Shanghai Asks Residents to Stay in on Christmas as China COVID Surges
Shanghai authorities urged residents to stay at home this weekend, seeking a toned-down Christmas in the nation’s most populous city as COVID-19 rages nationwide after tough curbs were lifted.
A branch of the Shanghai Municipal Health Commission on Saturday urged young people in particular to avoid crowded gatherings, due to the ease of spreading the coronavirus and low temperatures.
Christmas is not traditionally celebrated in China, but it is common for young couples and some families to spend the holiday together.
The omicron variant is surging weeks after the authorities abruptly ended their zero-COVID policy, lifting strict testing requirements and travel restrictions as China becomes the last major country to move toward living with the virus.
While many have welcomed the easing, families and the health system were unprepared for the resulting surge of infections. Hospitals are scrambling for beds and blood, pharmacies for drugs and authorities are racing to build clinics.
Shanghai typically hosts a large Christmas-themed market in a luxury shopping area along Nanjing West Road, and restaurants and retailers offer promotions to drum up business.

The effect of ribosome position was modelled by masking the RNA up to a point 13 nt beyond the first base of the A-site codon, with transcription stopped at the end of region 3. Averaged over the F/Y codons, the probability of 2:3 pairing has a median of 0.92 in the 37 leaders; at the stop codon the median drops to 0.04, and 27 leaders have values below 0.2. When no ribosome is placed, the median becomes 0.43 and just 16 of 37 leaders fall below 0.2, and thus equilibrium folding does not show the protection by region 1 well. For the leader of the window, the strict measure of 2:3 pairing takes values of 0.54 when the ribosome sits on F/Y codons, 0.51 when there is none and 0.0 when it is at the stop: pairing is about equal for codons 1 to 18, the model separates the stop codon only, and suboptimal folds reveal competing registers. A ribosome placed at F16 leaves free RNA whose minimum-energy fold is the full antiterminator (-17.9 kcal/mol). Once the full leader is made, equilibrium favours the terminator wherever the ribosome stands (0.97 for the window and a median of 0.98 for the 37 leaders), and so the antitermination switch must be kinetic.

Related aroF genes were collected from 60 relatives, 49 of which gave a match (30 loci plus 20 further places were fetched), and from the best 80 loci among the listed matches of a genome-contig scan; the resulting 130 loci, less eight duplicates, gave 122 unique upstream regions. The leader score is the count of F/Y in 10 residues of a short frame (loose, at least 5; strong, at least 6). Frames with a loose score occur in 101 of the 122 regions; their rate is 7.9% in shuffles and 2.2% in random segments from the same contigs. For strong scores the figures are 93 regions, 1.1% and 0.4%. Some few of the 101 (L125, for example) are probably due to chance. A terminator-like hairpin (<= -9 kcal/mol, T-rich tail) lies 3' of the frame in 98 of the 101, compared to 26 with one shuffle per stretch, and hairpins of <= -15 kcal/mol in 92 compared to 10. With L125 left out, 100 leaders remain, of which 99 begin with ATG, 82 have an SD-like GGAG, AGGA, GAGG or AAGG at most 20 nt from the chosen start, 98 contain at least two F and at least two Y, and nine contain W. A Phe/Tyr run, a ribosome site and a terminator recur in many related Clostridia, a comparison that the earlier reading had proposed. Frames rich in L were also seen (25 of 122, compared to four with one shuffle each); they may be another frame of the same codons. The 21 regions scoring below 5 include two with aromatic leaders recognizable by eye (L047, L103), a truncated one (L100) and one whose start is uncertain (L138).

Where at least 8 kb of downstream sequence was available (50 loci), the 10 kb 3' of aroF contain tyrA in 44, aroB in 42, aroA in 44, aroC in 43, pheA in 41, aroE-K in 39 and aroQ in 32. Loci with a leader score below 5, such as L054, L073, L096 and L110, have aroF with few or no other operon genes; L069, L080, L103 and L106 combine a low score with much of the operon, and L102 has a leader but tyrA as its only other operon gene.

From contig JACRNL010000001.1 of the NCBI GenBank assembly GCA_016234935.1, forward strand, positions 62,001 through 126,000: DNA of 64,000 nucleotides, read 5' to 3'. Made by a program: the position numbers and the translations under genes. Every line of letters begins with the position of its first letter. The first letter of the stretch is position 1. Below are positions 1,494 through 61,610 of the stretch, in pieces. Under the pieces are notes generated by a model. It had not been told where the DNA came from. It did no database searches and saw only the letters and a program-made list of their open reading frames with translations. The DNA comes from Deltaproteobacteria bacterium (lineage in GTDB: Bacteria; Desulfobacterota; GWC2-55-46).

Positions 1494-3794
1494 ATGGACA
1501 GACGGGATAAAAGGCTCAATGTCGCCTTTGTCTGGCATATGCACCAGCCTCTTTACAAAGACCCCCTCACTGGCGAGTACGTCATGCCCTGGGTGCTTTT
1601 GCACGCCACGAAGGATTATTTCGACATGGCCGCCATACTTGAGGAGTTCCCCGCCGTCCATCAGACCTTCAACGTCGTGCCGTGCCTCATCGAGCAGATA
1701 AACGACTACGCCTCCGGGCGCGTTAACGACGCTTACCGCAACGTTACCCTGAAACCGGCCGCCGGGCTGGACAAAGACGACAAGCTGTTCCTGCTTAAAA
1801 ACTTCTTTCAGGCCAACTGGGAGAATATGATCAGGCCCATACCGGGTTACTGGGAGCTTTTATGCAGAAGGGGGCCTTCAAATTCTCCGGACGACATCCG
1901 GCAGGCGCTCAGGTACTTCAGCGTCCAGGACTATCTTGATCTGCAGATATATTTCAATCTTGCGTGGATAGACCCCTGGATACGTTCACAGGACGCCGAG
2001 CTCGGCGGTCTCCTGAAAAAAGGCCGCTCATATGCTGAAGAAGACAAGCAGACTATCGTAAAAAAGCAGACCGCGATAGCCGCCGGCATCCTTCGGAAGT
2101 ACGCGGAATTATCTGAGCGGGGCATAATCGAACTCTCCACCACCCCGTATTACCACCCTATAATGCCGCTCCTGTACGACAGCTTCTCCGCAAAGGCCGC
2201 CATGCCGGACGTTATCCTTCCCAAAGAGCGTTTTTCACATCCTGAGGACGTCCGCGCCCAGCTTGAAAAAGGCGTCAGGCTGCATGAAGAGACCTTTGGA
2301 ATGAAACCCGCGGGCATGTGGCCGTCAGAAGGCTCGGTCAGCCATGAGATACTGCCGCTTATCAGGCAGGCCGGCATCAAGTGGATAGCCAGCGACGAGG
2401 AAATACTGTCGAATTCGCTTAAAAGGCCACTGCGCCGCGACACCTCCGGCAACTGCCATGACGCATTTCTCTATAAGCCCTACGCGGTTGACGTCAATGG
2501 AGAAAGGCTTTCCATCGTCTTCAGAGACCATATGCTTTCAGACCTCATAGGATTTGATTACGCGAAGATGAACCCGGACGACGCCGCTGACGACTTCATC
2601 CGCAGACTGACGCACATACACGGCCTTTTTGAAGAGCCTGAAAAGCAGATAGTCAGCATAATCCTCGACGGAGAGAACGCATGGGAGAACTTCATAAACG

But the spread of Omicron is dampening celebrations.
Many Shanghai restaurants have canceled Christmas parties normally held for regulars, while hotels have capped reservations due to staff shortages, said Jacqueline Mocatta, who works in the hospitality industry.
“There’s only a certain amount of customers we can accept given our manpower, with a majority of team members who are unwell at the moment,” she said.
Skepticism about official data
People lamented on social media that they will be staying inside as most of their friends have tested positive for COVID.
“I originally planned to go to Shanghai for Christmas but now I can only lie in bed,” a person wrote on Weibo, China’s Twitter-like social network.
Infections in China are likely more than a million a day with deaths at more than 5,000 a day, in “stark contrast” to official data, British-based health data firm Airfinity said this week.
China’s national health authority Saturday reported 4,128 daily symptomatic COVID-19 infections, and no deaths for a fourth consecutive day.
Bloomberg News reported Friday that nearly 37 million people may have been infected with COVID on a single day this past week, citing estimates from the government’s top health authority.
The emergency hotline in Taiyuan in the northern province of Shanxi was receiving over 4,000 calls a day, a local media outlet said Saturday.
Taiyuan authorities urged residents to call the number only for medical emergencies, saying guidance about COVID “does not fall within the scope of the hotline.”
A health official in Qingdao said the port city was seeing roughly 500,000 daily infections, media reported Friday.
In Wuhan, the central city where COVID emerged three years ago, media reported Friday that the local blood repository had just 4,000 units, enough to last two days. The repository called on people to “roll up their sleeves and donate blood.”